Korean news reports have shown keen interest in Chinese reactions to Japanese blunders, since the Korean public can easi-ly sympathize with Chinese suffering during the Japanese aggression before the Second World War. According to Korean newspapers’ reports, the case of Koizumi’s remark on Yasukuni in 2001 drew the largest attention from China (China’s reported responses = 20), followed by Koizumi’s 2004 remark on Yasuku-ni (responses = 10), and Abe’s remark on comfort women in 2007 (responses = 4). China’s responses on Koizumi’s Yasukuni remarks, according to the Korean newspaper database, show that the Chinese government has been more sensitive to the issue of Yasukuni than the issue of comfort women. China’s responses on the issue of Yasukuni can be explained by concerns about the recurrence of Japan’s tendency for ultra-conservatism

Figure 5. The Responses of North Korea, China, and the U.S. in Cases of Frictions over History
and militarism.
The cases that North Korea responded most sensitively to are Koizumi’s Yasukuni remark in 2001 (responses = 20), followed by Koizumi’s Dokdo remark in 2004 (4), Dakano’s Dokdo remark in 2005 (4), Nakayama’s comfort women remark in 2005 (4), and Abe’s comfort women remark in 2007 (4). Like China, North Korea responded sensitively to Koizumi’s Yasukuni remark in 2001, but did not respond as sensitively to the Yasukuni remark in 2004, while comparatively showing consistent responses to the issues of Dokdo and comfort women. I conjecture that the reason for a con-sistent North Korea response to the issues of Dokdo and comfort women is North Korea’s interest in obtaining advantageous status in Japan-North Korea normalization talks and policy cooperation between South and North Korea on Japanese blunders.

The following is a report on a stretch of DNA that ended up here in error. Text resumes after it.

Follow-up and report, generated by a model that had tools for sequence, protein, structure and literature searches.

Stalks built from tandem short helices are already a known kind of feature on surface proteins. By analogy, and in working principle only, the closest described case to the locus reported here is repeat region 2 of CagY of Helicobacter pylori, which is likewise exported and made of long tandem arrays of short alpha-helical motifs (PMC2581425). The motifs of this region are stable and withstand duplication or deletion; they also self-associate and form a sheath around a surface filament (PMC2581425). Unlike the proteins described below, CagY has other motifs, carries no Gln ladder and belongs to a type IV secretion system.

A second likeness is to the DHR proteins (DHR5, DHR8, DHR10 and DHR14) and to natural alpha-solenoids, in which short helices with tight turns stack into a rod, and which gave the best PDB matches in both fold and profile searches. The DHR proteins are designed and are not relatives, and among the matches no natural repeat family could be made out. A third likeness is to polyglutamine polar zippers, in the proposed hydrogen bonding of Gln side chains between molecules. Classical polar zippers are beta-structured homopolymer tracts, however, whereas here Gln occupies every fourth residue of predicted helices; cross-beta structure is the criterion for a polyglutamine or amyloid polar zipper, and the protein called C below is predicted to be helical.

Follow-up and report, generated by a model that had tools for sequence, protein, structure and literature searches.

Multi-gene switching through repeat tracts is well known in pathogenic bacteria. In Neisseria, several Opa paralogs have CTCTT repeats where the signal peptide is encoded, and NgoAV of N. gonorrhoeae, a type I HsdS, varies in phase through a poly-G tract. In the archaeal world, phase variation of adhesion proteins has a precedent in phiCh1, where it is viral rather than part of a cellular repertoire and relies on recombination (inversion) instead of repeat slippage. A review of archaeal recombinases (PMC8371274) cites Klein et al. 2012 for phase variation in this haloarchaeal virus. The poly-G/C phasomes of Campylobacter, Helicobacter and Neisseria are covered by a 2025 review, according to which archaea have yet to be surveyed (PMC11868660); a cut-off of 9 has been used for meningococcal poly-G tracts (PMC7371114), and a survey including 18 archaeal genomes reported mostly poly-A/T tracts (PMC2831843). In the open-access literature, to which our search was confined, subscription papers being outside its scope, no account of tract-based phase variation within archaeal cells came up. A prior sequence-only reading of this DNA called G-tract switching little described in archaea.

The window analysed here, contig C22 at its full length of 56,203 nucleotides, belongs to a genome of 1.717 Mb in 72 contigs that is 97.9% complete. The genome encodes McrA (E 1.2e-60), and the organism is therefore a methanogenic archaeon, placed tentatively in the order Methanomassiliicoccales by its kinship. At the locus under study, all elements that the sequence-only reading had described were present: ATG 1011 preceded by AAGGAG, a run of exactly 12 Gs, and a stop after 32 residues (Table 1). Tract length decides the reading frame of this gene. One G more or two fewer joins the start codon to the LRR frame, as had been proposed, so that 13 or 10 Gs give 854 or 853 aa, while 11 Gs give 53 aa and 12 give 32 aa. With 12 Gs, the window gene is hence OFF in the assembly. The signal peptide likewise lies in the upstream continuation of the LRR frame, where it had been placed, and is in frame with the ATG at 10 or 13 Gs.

The American response to Japanese blunders or East Asia’s frictions over history has been quite limited. Abe’s remark on com-fort women in 2007 was the only case to which Washington offi-cially responded (see Appendix 2). Of course, there is Koizumi’s Yasukuni case that American media showed interest in; but the
U.S. government maintained strict neutrality. Koizumi’s visit to Yasukuni Shrine in 2001 attracted some interest from U.S. media, but the U.S. government and the Congress did not make any offi-cial move. The United States seems to be involved with friction over history cases that are related to human rights (i.e., comfort women). Or, more precisely, the United States tends to avoid any direct involvement in inter-regional disputes over historical issues. The American governmental and public involvement on the com-fort women issue is because it was largely perceived as a human rights violation.